Ethnic beauty care a top market for up-and-coming players
NEW YORK Niche marketers are increasingly extending the ethnic health and beauty market to include products for Hispanics, Asian, Arab, Native American, South Asian and other multicultural backgrounds, according to a recent Packaged Facts report.
The report, dubbed “Ethnic Hair, Beauty and Cosmetics Products in the U.S., 6th Edition,” estimates that the U.S. retail market for ethnic-specific hair care, makeup and skin care products is continuing to experience robust growth in 2008 at nearly 7 percent.
The market, according to Packaged Facts, a division of Market Research Group, is expected to finish the year at nearly $2.6 billion. By 2012, U.S. retail sales of ethnic-specific HBC products are expected to surpass $3.3 billion.
“Traditionally, marketers active in HBC products have sold some of the most chemically harsh items available, but today manufacturers are taking simple yet significant steps by adding a degree of natural or organic content to their products. This appeals to U.S. minorities who are widely regarded to favor not only gentler and safer HBC products, but greener ones as well,” Tatjana Meerman, publisher of Packaged Facts, said.
Jane announces release of Jane Be Pure Aguaceuticals
BALTIMORE, Md. Jane & Company has announced the launch of a new makeup collection called Jane Be Pure Aguaceuticals.
The collection, which ships to stores in December, includes natural hydrating products made with active naturals and certified organics such as white and green tea and organic aloe.
“This isn’t just about going green. This is about adding water and hydration to your everyday regime. Be Pure Aguaceuticals are made with certified organics at a price everyone feels is worth a try. It is for a new Jane-eration of women who want to take control, change the environment and yet remain feminine, sexy and naturally beautiful,” chief executive officer, Lisa Yarnell, said.
Looking to address environmental concerns, 90 percent of the packaging for this collection is 100 percent recyclable or made with post-consumer recycled materials. For instance, the compacts are made with recyclable paperboard; the tubes, jars and cases for the line are molded with 50 percent post-recycled materials.
The retail prices range from $5 and $8.
In tough times, natural cosmetics show strength at mass merchants
There’s no doubt that 2007 was the year of mineral makeup, but a continued focus on those beauty products touting natural or organic ingredients—coupled with the struggling economy—likely mean favorable opportunities remain for mass-market cosmetics.
That is not to say, however, that challenges do not exist.
“Retail sales of color cosmetics in the United States are forecast to decline by 4 percent between 2007 and 2012 [not accounting for inflation] to a total of $8.2 billion,” stated research firm Euromonitor International in its most recent U.S. Color Cosmetics report. “Also, similarly to other cosmetics and toiletries, the impact of product innovation is rather wearing off, and dramatically new products are not likely in the coming years.”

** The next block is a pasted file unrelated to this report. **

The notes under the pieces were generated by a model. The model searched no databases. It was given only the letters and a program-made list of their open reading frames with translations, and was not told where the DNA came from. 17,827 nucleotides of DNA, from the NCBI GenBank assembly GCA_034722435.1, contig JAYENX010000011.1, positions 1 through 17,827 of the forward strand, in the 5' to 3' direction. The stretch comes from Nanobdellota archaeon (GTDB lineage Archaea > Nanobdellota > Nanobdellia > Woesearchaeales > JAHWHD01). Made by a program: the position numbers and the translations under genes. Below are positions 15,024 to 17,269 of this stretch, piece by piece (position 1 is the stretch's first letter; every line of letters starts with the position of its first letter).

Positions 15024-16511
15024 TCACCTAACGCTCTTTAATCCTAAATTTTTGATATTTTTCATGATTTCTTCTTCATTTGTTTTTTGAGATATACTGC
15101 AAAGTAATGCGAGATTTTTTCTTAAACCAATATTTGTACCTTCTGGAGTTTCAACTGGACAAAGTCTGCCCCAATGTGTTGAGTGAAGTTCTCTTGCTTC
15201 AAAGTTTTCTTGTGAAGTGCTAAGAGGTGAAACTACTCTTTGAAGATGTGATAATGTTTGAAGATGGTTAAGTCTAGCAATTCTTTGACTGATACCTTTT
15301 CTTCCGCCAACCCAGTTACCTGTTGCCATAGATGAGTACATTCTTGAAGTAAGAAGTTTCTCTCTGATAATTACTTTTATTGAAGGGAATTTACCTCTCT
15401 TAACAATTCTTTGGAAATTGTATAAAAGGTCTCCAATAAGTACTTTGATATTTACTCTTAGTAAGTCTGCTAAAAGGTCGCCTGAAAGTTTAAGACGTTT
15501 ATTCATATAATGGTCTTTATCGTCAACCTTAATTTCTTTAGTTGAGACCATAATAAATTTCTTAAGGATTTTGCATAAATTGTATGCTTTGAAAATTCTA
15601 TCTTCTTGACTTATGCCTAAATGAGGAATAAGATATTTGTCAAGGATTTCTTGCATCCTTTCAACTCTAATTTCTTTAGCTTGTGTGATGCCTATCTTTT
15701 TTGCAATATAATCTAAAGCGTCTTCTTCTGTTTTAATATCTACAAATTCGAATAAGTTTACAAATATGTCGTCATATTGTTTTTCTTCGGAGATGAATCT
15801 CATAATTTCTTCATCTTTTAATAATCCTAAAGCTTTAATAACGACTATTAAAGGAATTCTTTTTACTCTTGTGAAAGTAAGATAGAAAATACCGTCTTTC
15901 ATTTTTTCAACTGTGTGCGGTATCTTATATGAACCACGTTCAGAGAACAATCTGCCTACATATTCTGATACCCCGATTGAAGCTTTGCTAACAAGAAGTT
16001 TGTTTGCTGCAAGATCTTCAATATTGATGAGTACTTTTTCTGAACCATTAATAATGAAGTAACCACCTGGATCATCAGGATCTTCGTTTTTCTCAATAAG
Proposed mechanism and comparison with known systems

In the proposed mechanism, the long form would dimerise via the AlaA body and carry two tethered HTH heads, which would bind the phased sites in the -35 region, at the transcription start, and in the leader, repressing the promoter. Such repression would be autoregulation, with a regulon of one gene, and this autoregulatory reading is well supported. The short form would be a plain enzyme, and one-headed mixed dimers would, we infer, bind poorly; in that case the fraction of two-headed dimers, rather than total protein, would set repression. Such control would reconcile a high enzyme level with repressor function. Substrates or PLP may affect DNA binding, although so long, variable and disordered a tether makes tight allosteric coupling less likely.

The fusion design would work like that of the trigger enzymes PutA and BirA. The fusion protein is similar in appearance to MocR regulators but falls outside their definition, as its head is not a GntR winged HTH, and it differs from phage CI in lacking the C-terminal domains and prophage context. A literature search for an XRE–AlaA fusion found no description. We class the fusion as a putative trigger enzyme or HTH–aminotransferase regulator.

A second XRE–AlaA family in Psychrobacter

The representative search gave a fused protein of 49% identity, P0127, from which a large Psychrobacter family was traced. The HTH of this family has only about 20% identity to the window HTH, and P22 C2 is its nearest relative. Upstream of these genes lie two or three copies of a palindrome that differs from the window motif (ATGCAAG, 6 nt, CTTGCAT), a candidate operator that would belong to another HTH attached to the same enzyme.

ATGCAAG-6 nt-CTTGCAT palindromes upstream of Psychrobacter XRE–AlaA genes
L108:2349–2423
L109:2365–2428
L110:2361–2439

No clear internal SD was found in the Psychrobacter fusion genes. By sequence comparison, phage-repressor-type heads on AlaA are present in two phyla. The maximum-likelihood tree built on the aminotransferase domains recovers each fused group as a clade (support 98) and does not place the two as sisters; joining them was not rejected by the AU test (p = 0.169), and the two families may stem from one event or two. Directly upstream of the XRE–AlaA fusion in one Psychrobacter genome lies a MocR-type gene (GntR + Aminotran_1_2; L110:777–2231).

The good news is that consumers continue to express an interest in those products that tout natural or organic ingredients. This trend, combined with the economic crunch, could sway more beauty shoppers to skip high-end prestige brands for cheaper alternatives found in the mass market.
One such company that has experienced such a shift in shopping behavior already is Bare Escentuals, a pioneer in mineral-based cosmetics. In the second quarter, Bare Escentuals posted revenue 7 percent below SunTrust Robinson Humphrey analyst William Chappell’s expectations and lowered its revenue guidance for 2008.
“The overall business is seeing pressure from the weak macro environment. Not only are Bare customers choosing lower-priced kits and open- box products, the company also is seeing less success in attracting new customers who typically shop at the mass channel,” Chappell stated in a recent research note. “This second issue has been exacerbated by the high number of lower-priced products that have hit mass shelves in the past six months.”
Indeed, a number of products have—and continue to—hit the mass market, albeit perhaps not at the feverish pace seen in 2007.
For example, MODE Cosmetics has introduced for fall three new all-natural Angel Dust colors: galactic, pixie and twilight. The all-natural loose mineral mica pearlescents and natural pure pigments promise to bring multifaceted color to eyes and face. The product is packaged in a recyclable bottle and applied via a smooth roller ball applicator.
Looking to resonate with those environmentally conscious beauty mavens, Neutrogena recently featured several of its cosmetics products during Fashion Week’s Be EcoChic runway show in early September in New York. Celebrity makeup artist Matin Maulawizada debuted his “eco-inspired look” with such new products as Neutrogena Cosmetics nourishing eye liner, nourishing eye quad and MoistureShine lipstick.
At a CVS store in Manhattan, several of Revlon’s new 2008 products, including the new ColorStay mineral lip glaze, were merchandised on a standalone display situated right by the main entrance. This same display also highlighted Maybelline New York’s new Mineral Power line and the Organic Wear collection from Physicians Formula.
As previously reported in the Sept. 22 issue of Drug Store News, Sally Hansen, now owned by Coty Inc., recently wrapped up at a Duane Reade store in Manhattan a nationwide tour promoting the Sally Hansen Natural Beauty Inspired by Carmindy collection. Carmindy is a makeup artist and author who is known for her tips and tricks on TLC’s hit show “What Not to Wear.”
The paraben-free products are formulated with minerals, natural extracts and active botanicals like soy, bamboo, papaya and mango.